Tesla has taken heat for releasing its unfinished Autopilot as a “beta” to drivers on the road. Plenty of owners have ignored Tesla’s directions to keep alert with their hands on the wheel while engaging the function, with at least one involved in a fatal accident. Throughout, Tesla CEO Elon Musk has insisted the company’s software would be safer than human drivers, sharply reducing the more than 1.25 million global traffic fatalities each year.

Musk is probably feeling vindicated today after retweeting, without comment, a dashcam video posted to Twitter by Hans Noordsij, a Tesla Model S owner from the Netherlands. The car in the video (which was not Noordsij’s) detected a collision several cars ahead seconds before it was visible. In the video, the driver is speeding down the A2 highway near Eindhoven, Netherlands. The vehicle’s collision avoidance system chimes just before two cars collide. Noordsij told Electrek that the car started applying emergency braking before the driver had time to react.

After a series of accidents, some of which may have involved Autopilot, Tesla switched from primarily using cameras to “see” the road much like human eyes to adding radar capable of detecting objects as far as several cars ahead. Tesla’s database uses a location-tagged whitelist that lets cars drive safely past “approved” radar objects, while braking slowly if anomalous objects appear. Once the system determines there is a 99.99% chance of a collision, it fully brakes the car.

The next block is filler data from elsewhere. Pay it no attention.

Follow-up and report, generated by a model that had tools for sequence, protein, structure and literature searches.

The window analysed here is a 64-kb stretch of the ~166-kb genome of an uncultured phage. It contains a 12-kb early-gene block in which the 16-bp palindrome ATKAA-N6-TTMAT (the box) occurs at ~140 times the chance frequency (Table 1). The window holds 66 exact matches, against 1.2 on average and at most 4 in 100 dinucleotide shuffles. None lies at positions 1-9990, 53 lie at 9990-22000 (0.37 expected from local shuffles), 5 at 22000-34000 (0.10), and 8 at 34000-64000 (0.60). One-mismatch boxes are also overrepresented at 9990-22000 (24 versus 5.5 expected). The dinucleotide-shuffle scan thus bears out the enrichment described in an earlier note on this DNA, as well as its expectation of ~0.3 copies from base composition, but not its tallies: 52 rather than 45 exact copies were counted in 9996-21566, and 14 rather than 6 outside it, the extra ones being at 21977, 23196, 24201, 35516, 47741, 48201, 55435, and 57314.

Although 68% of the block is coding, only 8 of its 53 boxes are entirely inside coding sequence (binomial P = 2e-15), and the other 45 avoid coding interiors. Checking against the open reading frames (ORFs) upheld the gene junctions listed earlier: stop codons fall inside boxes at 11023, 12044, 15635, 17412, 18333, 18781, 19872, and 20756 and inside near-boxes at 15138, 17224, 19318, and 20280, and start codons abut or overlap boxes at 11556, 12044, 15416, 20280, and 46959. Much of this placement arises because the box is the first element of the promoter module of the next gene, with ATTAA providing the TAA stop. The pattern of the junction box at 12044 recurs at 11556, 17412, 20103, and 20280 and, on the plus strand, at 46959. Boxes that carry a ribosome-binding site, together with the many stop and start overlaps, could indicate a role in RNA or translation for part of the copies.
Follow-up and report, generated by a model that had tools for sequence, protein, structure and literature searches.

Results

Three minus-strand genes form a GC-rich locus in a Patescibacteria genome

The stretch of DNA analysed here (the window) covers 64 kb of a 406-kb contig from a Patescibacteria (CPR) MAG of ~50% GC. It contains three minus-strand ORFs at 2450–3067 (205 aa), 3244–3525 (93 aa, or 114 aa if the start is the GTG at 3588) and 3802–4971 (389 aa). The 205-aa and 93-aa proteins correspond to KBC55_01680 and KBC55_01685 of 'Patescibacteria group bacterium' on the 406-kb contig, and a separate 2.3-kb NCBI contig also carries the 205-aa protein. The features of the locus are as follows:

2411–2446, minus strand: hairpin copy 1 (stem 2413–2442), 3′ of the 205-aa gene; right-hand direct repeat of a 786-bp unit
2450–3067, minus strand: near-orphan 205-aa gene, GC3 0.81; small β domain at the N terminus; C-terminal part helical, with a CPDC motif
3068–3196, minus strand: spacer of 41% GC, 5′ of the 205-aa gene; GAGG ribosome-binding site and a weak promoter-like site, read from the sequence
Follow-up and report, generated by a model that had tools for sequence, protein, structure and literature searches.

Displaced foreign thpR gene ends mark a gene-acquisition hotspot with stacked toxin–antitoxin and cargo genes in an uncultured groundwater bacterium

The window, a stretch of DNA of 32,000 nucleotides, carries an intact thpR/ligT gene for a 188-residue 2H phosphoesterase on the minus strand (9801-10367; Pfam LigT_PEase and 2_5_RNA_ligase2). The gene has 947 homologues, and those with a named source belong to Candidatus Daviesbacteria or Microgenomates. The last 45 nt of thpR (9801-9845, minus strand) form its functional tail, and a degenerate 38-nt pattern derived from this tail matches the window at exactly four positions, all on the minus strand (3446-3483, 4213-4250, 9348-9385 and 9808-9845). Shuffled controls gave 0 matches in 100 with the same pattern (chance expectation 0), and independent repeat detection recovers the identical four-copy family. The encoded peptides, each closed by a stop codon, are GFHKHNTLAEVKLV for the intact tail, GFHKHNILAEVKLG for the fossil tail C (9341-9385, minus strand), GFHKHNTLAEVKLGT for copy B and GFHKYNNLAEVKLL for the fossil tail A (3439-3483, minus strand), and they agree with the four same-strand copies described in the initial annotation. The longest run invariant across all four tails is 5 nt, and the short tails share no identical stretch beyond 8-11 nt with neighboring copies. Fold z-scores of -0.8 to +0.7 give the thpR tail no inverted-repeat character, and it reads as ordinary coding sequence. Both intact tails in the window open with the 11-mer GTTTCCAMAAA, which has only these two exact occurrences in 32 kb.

170105-google vehicle sensing system Source Google via IEEE
Image: Google via IEEE

When announcing the system on Sept. 11, Musk said the new system would “very likely” prevent accidents like the Florida collision that killed Joshua Brown after his Tesla Model S slammed into a tractor trailer in May.

Tesla has yet to confirm the details of the accident from the video posted by Noordsij.